Hydrogen is part of our future – let’s get started
By: Samantha Gross, Director – Energy Security and Climate Initiative & Fellow, Foreign Policy, Brookings Institution
Hydrogen can be a key component of the world’s goal of achieving net-zero greenhouse gas emissions by 2050. However, we must keep in mind what hydrogen is as we think about where it makes sense in our changing energy system.
Hydrogen is not a fuel like oil, coal, or natural gas. Instead, it is an energy carrier like electricity, made from other forms of energy. The advantage of hydrogen is that it has many of the useful properties of a fuel. It can be burned to produce high heat for industrial processes. Hydrogen can be stored and shipped via pipelines or ships, sometimes in the form of hydrogen carriers like ammonia since hydrogen molecules are tiny and difficult to handle. Hydrogen carriers have a higher energy density than electricity stored in a battery, making them suitable for long-distance transport like marine shipping. Hydrogen can serve as a decarbonisation pathway when certain properties of fossil fuels are necessary and other pathways don’t work or are prohibitively expensive.
Today, most hydrogen is made from natural gas, splitting the methane atom to produce hydrogen and carbon dioxide as a waste product. Future hopes for hydrogen lie in splitting water atoms using electrolysis instead, producing hydrogen along with oxygen instead of carbon dioxide. To be zero carbon, carbon dioxide associated with the process must be captured or electrolysis must use zero-carbon electricity.
The facts of zero-carbon hydrogen seem relatively straightforward, but the politics and understanding around developing the hydrogen economy are not. I’m frequently asked if hydrogen is the fuel of the future, and generally begin the discussion by stating that hydrogen isn’t even a fuel. In applications where electricity can be used directly, it should be. The extra step of transforming electricity into hydrogen makes no sense in such applications, since transformation always involves energy losses. (The laws of thermodynamics have not been repealed for the energy transition.) Hydrogen only makes sense when you need its special qualities and electricity won’t do.
Additional policy arguments centre about how to get the new industry off the ground. To be truly green, you want hydrogen produced via electrolysis to use carbon-free electricity all the time. But practically, such projects are unlikely to be paired directly with renewable projects and operate only when those projects are generating electricity. Running hydrogen generation that way would be prohibitively expensive and fail to take advantage of the fact that renewable energy works best when it is spread across geography; when it isn’t windy and sunny in one place, it may be in another. In the future, producing hydrogen from a zero-carbon grid makes sense, but how do we get from here to there? This argument is raging in both the United States and Europe.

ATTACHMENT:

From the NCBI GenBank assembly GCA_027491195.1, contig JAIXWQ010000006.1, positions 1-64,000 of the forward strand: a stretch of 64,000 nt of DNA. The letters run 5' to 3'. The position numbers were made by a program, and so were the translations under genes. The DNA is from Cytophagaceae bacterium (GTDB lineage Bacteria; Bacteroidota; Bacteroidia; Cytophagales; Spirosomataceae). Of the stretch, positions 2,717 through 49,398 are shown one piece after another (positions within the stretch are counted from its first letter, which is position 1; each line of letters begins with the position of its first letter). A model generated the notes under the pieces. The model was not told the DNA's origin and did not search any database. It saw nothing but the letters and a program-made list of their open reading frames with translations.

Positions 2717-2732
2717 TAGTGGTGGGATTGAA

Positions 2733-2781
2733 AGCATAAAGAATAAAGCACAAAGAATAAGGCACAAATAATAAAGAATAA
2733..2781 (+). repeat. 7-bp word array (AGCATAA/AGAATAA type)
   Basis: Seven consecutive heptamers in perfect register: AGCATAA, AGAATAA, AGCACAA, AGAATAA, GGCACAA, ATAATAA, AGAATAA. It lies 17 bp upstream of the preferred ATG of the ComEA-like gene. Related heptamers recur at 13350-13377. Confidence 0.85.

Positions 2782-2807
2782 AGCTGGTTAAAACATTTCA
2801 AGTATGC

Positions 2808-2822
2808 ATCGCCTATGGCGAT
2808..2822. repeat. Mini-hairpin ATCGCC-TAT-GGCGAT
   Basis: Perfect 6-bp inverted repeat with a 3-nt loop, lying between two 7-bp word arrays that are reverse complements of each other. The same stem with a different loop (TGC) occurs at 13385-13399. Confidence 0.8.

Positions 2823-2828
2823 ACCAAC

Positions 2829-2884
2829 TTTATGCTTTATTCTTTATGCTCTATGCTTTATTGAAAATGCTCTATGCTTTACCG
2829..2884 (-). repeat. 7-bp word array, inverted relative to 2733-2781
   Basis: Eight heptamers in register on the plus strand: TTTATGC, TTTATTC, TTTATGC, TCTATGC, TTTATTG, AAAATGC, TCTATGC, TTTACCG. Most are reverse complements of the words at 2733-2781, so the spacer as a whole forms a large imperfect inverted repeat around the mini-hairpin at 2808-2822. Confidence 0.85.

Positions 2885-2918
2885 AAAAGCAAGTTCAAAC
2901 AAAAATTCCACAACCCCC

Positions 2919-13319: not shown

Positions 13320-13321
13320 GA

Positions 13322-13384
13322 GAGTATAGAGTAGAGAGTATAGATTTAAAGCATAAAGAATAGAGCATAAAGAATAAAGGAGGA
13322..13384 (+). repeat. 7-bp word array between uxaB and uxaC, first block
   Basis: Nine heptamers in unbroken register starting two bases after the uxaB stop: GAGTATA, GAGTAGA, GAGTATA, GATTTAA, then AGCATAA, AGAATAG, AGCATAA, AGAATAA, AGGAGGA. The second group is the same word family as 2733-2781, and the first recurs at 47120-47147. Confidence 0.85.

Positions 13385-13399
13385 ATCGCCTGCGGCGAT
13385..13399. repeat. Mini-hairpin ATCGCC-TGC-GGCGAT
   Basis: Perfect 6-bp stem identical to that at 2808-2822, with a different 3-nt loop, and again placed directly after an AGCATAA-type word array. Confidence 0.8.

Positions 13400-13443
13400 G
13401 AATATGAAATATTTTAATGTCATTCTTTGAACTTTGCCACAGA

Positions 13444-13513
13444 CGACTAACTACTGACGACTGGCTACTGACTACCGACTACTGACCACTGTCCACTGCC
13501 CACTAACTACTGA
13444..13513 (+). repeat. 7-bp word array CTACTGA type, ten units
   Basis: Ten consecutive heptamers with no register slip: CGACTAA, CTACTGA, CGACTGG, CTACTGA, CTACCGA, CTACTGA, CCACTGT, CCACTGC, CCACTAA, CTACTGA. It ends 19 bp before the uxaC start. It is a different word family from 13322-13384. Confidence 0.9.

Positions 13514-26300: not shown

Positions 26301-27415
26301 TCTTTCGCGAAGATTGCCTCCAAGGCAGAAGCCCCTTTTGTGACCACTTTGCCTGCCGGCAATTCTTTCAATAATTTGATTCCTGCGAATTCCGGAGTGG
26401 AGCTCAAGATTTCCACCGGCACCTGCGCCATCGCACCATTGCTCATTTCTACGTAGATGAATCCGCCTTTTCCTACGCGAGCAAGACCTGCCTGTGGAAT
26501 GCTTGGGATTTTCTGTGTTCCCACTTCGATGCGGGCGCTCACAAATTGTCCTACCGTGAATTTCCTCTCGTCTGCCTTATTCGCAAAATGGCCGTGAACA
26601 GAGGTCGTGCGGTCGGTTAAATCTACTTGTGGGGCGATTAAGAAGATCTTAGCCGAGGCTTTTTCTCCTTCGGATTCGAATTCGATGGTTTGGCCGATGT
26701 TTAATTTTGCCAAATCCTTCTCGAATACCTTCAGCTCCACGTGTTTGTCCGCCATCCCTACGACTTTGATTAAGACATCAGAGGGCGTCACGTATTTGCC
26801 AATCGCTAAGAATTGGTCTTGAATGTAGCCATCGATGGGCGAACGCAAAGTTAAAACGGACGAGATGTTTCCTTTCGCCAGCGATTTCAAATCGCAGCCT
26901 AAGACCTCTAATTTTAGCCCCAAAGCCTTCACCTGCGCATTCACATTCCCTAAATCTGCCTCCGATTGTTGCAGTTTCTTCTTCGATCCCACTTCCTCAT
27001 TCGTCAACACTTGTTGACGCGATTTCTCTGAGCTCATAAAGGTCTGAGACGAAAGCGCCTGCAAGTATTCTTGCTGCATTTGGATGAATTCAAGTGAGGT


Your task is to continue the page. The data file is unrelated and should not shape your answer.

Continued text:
Insisting on pairing renewable generation with hydrogen production on an hourly basis is likely to strangle the nascent clean hydrogen industry. To produce hydrogen efficiently at low cost, electrolysers need to run constantly, a constraint at odds with pairing them directly with intermittent renewable generation. For now, ensuring that enough new zero-carbon generation is added to the grid to cover demand from hydrogen production can help the industry get off the ground. This challenge is analogous to many businesses today that purchase credits for enough renewable power to cover their overall demand. These practices, both from hydrogen production and other businesses, increase demand for renewable power, a noble goal when the US grid is still 60% fossil-powered and the EU grid is at about 40% fossil.
This constraint should be tightened over time to ensure that green hydrogen is truly zero-carbon. Just as businesses are moving from procuring green power on an annual basis to 24-7 green power, the hydrogen industry must do the same as a greener grid makes such a policy possible. But in the meantime, we must not strangle a necessary industry by letting the perfect get in the way of the good.
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